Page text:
# Partition a square grid into parts of equal area

This challenge is based on the following puzzle: You are given an n by n grid with n cells marked. Your job is to the partition the grid into n parts where each part consists of exactly n cells, each containing exactly one marked cell.

# Example

Here is a puzzle on the left and its (unique) solution on the right:

# Challenge

You will be given a set of n zero-indexed coordinates in any reasonable format.

[(0,0), (0,3), (1,0), (1,1), (2,2)]


And your job is to write a program that returns any valid parition (again, in any reasonable format).

[
[(0,0), (0,1), (0,2), (1,2), (1,3)],
[(0,3), (0,4), (1,4), (2,4), (3,4)],
[(1,0), (2,0), (3,0), (4,0), (4,1)],
[(1,1), (2,1), (3,1), (3,2), (4,2)],
[(2,2), (2,3), (3,3), (4,3), (4,4)]
]


If the puzzle has no solution, the program should indicate that by throwing an error or returning an empty solution.

# Input/Output Examples

[(0,0)]               => [[(0,0)]]

[(0,0), (1,1)]        => [
[(0,0), (1,0)],
[(0,1), (1,1)]
]

[(0,0), (0,1), (1,0)] => [] (no solution)

[(0,0), (0,1), (0,2)] => [
[(0,0), (1,0), (2,0)],
[(0,1), (1,1), (2,1)],
[(0,2), (1,2), (2,2)],
]

[(0,0), (0,2), (1,2)] => [
[(0,0), (1,0), (2,0)],
[(0,1), (0,2), (1,1)],
[(1,2), (2,1), (2,2)],
]


# Scoring

This is , so shortest code wins.

• This was inspired by this Math Stack Exchange question. – Peter Kagey Jan 24 at 1:07
• @Arnauld, it looks like for Shikaku puzzles, "the objective is to divide the grid into rectangular and square pieces". In this case, there is no such constraint. – Peter Kagey Jan 24 at 1:10
• Sorry for the confusion. I think there might be a Shikaku challenge somewhere in the sandbox, or maybe I was planning to make one myself at some point -- I can't remember for sure. Either way, I thought it was the same thing at first glance. – Arnauld Jan 24 at 1:16
• Why is the result a 2d array of coordinates? I don't understand what is being expressed there... Can't it be a 2d array of the index of the array? For instance row 3, column 2 contains partition with coordinates at index 4? – Olivier Grégoire Jan 24 at 7:30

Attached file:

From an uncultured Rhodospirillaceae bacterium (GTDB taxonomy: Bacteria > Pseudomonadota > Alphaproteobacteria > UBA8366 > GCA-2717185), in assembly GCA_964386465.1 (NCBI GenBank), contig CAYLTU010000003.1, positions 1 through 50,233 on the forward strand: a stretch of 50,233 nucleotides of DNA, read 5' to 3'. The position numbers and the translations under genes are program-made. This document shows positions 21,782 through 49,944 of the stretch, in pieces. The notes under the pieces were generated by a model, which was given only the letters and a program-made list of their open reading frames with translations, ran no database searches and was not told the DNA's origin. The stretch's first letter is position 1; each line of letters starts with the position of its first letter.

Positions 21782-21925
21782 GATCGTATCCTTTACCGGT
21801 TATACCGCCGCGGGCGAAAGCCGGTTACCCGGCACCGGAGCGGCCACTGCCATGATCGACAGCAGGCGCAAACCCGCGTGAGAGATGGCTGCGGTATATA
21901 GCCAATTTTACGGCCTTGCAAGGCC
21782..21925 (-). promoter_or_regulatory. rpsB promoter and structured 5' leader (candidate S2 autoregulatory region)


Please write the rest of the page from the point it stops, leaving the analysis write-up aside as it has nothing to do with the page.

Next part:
• May we assume that each area can be drawn by starting from the reference coordinates, as the example suggests? I've just realized that I've unconsciously taken this for granted. – Arnauld Jan 24 at 13:50

# JavaScript (ES7), 166 bytes

Outputs a matrix of integers that describe the partition, or $$\false\$$ if there's no solution.

a=>(m=a.map(_=>[...a]),g=(n,X,Y,j=0,i)=>a[n]?a[j]?m.some((r,y)=>r.some((v,x)=>++v|(X-x)**2+(Y-y)**2-1?0:g(r[x]=n,x,y,j+1,i|x+[,y]==a[n])?1:r[x]=v)):i&&g(n+1):1)(0)&&m


Try it online!

### How?

We first build a square matrix $$\m\$$ of size $$\N\times N\$$, where $$\N\$$ is the length of the input:

m = a.map(_ => [...a])


Each row of $$\m\$$ consists of a copy of the input, i.e. an array of $$\N\$$ coordinate pairs. The important point here is that all cells of $$\m\$$ are initialized to non-numeric values. We'll be able to detect them by applying the prefix increment operator ++.

The recursive function $$\g\$$ takes a pointer $$\n\$$ into the input, the coordinates $$\(X,Y)\$$ of the previous cell, a counter $$\j\$$ that holds the number of filled cells in the current area, and a flag $$\i\$$ that is set when the marked cell is found in the area:

g = (n, X, Y, j = 0, i) => a[n] ? a[j] ? ... : i && g(n + 1) : 1


We test $$\a[n]\$$ to know if all areas have been processed and we test $$\a[j]\$$ to know if enough cells have been filled in the current area.

The main part of $$\g\$$ looks for the next cell of $$\m\$$ to fill by iterating on all of them:

m.some((r, y) =>          // for each row r[] at position y in m[]:
r.some((v, x) =>        //   for each cell of value v at position x in r[]:
++v |                 //     if this cell is already filled (i.e. v is numeric)
(X - x) ** 2 +        //     or the squared Euclidean distance between
(Y - y) ** 2 -        //     (X, Y) and (x, y)
1 ?                   //     is not equal to 1:
0                   //       this is an invalid target square: do nothing
:                     //     else:
g(                  //       do a recursive call to g:
r[x] = n,         //         pass n unchanged and fill the cell with n
x, y,             //         pass the coordinates of the current cell
j + 1,            //         increment j
i |               //         update i:
x + [,y] == a[n]  //         set it if (x, y) = a[n]
) ?                 //       if the result of the call is truthy:
1                 //         return 1
:                   //       else:
r[x] = v          //         reset the cell to NaN
)                       //   end of inner map()
)                         // end of outer map()